I have been visiting my sister in her new house in the country. As often happens, I had the overwhelming desire to bake.
Now ordinarily this wouldn’t be an issue but right now my sister doesn’t have any baking equipment. She and her husband are currently running two households while they wait for his job transfer to come through. The baking stuff is in their old house – on the other side of the country.
My need to bake was strong. Desperate even. What was I to do? Surely a simple chocolate cake could be conjured up.
I took stock. I had a glass bowl, a rubber spoon, a set of measuring cups, a wire sieve and the choice between a loaf or a spring form baking pan. That was it.
I needed a straightforward recipe I could make from scratch, most importantly a recipe that didn’t use an electric mixer. This was going to be chocolate cake the old fashioned way.
Enter the Depression Cake
I remembered reading about a style of cake known as a “Depression Cake”. Not depression as in a negative emotional state, but depression as in Great Depression. No milk, no butter, no eggs and no fancy electric mixer needed.
I found a recipe and made a few changes – this wasn’t The Great Depression after all.
The main change was substituting coffee for half of the water in the recipe. Coffee gives a richer deeper flavour to chocolate cakes but you can’t taste any trace of the coffee in the finished cake at all – you wouldn’t even know it was there.
Essentially, you mix together the dry ingredients and then add the vinegar, vanilla and oil. Using a fork, you mix all this together until it is well combined. It’s like a dry crumbly pastry dough at this stage. To be honest, it looked a lot like soil actually.
Then you add the cold water and coffee and mix vigorously. Mix, mix, mix. Get those arm muscles into it. It’s actually not too hard to get the bake batter to a good lump-free consistency (although at this stage I found out that the plastic spoon was a little bendy so it was a bit harder than it otherwise would have been).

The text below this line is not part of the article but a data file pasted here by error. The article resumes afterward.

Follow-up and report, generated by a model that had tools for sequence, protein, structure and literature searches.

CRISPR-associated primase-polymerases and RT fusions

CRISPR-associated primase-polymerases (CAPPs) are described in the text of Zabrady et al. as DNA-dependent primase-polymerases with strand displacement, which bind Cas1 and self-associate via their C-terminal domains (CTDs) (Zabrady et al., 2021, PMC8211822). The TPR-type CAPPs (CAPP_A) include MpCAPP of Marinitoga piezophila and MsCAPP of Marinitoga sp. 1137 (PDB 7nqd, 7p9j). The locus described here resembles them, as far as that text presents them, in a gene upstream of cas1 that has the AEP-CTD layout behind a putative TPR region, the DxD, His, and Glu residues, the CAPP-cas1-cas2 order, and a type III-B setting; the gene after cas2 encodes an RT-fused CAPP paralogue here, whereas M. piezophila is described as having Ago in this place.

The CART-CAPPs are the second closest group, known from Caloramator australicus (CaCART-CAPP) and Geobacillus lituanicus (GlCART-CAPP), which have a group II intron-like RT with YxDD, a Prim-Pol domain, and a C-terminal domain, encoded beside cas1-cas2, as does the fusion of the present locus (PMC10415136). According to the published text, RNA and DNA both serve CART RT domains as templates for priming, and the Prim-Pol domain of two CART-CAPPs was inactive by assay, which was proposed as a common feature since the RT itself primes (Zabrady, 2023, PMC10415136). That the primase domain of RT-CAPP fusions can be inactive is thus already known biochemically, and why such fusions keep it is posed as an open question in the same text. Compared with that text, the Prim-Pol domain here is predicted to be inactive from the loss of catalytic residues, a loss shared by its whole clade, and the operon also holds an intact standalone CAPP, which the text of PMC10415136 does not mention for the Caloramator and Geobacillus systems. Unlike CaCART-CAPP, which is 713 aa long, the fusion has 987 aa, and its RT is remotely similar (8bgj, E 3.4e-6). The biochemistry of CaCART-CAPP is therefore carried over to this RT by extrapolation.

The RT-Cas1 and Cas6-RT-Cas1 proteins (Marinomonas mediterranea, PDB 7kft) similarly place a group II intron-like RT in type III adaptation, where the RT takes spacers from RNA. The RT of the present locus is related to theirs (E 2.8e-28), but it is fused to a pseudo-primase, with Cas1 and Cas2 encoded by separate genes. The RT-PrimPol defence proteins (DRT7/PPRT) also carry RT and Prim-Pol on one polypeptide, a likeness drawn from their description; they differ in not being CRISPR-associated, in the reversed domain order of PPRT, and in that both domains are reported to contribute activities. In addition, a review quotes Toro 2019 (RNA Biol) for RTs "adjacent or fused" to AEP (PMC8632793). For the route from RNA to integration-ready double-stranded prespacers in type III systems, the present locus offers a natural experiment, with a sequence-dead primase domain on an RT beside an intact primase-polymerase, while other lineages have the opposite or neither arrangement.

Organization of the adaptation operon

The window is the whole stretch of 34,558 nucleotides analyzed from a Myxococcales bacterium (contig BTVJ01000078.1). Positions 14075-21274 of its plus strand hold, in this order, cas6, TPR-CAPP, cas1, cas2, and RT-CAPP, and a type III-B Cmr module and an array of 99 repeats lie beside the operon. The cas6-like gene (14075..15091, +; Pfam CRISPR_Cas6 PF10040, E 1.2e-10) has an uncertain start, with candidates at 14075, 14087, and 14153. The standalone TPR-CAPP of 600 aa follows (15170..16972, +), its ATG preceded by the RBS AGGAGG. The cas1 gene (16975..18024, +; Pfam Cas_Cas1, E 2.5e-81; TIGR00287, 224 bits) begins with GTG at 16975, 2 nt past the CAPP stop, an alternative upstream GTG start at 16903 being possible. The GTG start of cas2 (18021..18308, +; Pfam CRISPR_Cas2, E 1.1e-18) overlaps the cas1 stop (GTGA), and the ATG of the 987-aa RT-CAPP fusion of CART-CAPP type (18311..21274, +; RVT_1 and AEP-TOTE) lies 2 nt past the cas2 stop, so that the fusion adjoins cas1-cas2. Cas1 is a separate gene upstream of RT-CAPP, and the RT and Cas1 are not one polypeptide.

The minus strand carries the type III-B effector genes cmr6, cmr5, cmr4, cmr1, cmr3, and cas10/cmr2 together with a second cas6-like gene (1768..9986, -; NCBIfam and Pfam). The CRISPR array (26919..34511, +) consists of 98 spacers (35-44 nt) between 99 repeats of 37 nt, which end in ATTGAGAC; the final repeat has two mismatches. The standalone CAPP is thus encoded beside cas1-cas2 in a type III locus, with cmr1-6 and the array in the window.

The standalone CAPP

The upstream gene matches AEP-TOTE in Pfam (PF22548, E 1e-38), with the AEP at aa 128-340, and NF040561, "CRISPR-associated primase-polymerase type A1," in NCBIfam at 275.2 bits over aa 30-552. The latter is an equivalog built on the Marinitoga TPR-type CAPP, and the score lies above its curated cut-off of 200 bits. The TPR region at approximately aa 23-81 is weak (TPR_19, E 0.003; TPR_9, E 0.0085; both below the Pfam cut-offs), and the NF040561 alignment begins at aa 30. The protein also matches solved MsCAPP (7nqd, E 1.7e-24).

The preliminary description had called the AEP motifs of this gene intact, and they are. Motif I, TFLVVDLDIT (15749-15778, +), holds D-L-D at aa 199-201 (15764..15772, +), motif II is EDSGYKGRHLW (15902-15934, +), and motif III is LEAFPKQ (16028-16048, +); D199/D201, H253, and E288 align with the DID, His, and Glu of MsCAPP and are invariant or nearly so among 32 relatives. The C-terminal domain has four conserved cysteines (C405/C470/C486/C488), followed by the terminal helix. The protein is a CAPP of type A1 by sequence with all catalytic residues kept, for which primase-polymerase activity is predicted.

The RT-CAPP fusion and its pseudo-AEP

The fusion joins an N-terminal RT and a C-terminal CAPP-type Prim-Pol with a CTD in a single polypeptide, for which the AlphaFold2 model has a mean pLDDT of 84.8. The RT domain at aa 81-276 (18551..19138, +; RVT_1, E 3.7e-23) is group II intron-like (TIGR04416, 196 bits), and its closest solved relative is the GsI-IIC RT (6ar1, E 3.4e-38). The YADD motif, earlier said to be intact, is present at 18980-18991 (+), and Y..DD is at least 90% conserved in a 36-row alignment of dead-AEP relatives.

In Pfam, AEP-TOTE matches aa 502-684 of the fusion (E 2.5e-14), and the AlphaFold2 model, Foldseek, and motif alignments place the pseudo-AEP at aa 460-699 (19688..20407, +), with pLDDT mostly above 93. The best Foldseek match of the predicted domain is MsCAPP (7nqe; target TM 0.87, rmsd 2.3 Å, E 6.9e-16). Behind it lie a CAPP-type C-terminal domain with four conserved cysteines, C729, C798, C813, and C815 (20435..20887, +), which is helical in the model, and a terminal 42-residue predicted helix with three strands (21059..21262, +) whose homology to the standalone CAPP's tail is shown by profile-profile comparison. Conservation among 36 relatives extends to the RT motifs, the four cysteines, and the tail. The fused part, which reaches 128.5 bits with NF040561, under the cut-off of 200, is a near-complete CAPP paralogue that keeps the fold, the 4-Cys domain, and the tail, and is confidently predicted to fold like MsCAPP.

Into the spring form tin and pop into the oven. One bonus of so little baking equipment was that cleaning up was a breeze.
The smell of chocolate cake baking filled the house. Mouths were watering. Hungry family members made tentative forays in the kitchen to check on the progress of the cake and calculate when their first slice would be served.
Exactly 35 minutes later, the cake had risen nicely, not as much as some cakes but this was certainly no pancake. The Depression Cake certainly looked like a success, but the true test is always in the taste.
I decided a layer cake was the best option so I split the cake and added a heavy cream and dark chocolate frosting gananche. Again, a bit of an arm workout beating cream the old fashioned way but I got there in the end.
And the taste? Absolutely fabulous!
The cake had a rich, deep chocolatey flavour and was quite light and fluffy.
So my simple chocolate cake baking experiment was deemed a success – there’s not much cake left for sure. Not bad for a chocolate cake made with no butter, no milk, no eggs and no electric mixer.
I was quite proud of the finished cake. It looked and tasted delicious, and I overcame a few challenges to make it. But as fun as the process was given the circumstances, I won’t be retiring my electric mixer anytime soon.
- 1 cup caster sugar
- 1-1/2 cups plain (all-purpose) flour
- ½ cup unsweetened cocoa powder
- 1 teaspoon baking soda
- ½ teaspoon salt
- ½ cup vegetable oil
- 1 tablespoon cider or white vinegar
- ½ teaspoon vanilla extract
- ½ cup cold coffee
- ½ cup cold water
- 180 grams of dark chocolate
- ¾ cup of heavy cream
- Step 1 – Preheat the oven to 180 degrees (C).
- Step 2. Grease and lightly dust with cocoa a baking pan (using cocoa instead of flour to dust your pan when baking chocolate cake means you don’t end up with a white film all over the outside of your cake).
- Step 3 – In a large mixing bowl, sift together the flour, sugar, cocoa, salt and baking soda. Stir well to combine.
- Step 4 – Into these dry ingredients, add the vinegar, vanilla and oil. Stir with a fork until your mixture resembles dry pastry dough.
- Step 5 – Add the cold water and cold coffee and mix vigorously with a fork (or whisk) until smooth.
- Step 6 – Pour into the prepared cake tin and place in the oven for 35 minutes.
- Step 7 – Test with a skewer to see if it’s done. Allow to cool slightly in the pan before removing it.
- Step 1 – Melt the chocolate over a double boiler or in the microwave.
- Step 2 – In a mixing bowl, whip the cream until thick.
- Step 3 – Add a spoonful of melted chocolate to the whipped cream. Stir to combine.
- Step 4 – Continue to add the melted chocolate to the whipped cream until you have a taste and colour you’re happy with. Whipping between additions to keep the frosting stiff.
- Step 5 – Frost your cold cake as desired. Don’t be tempted to frost it while it’s still warm or you’ll melt the frosting and it will run everywhere.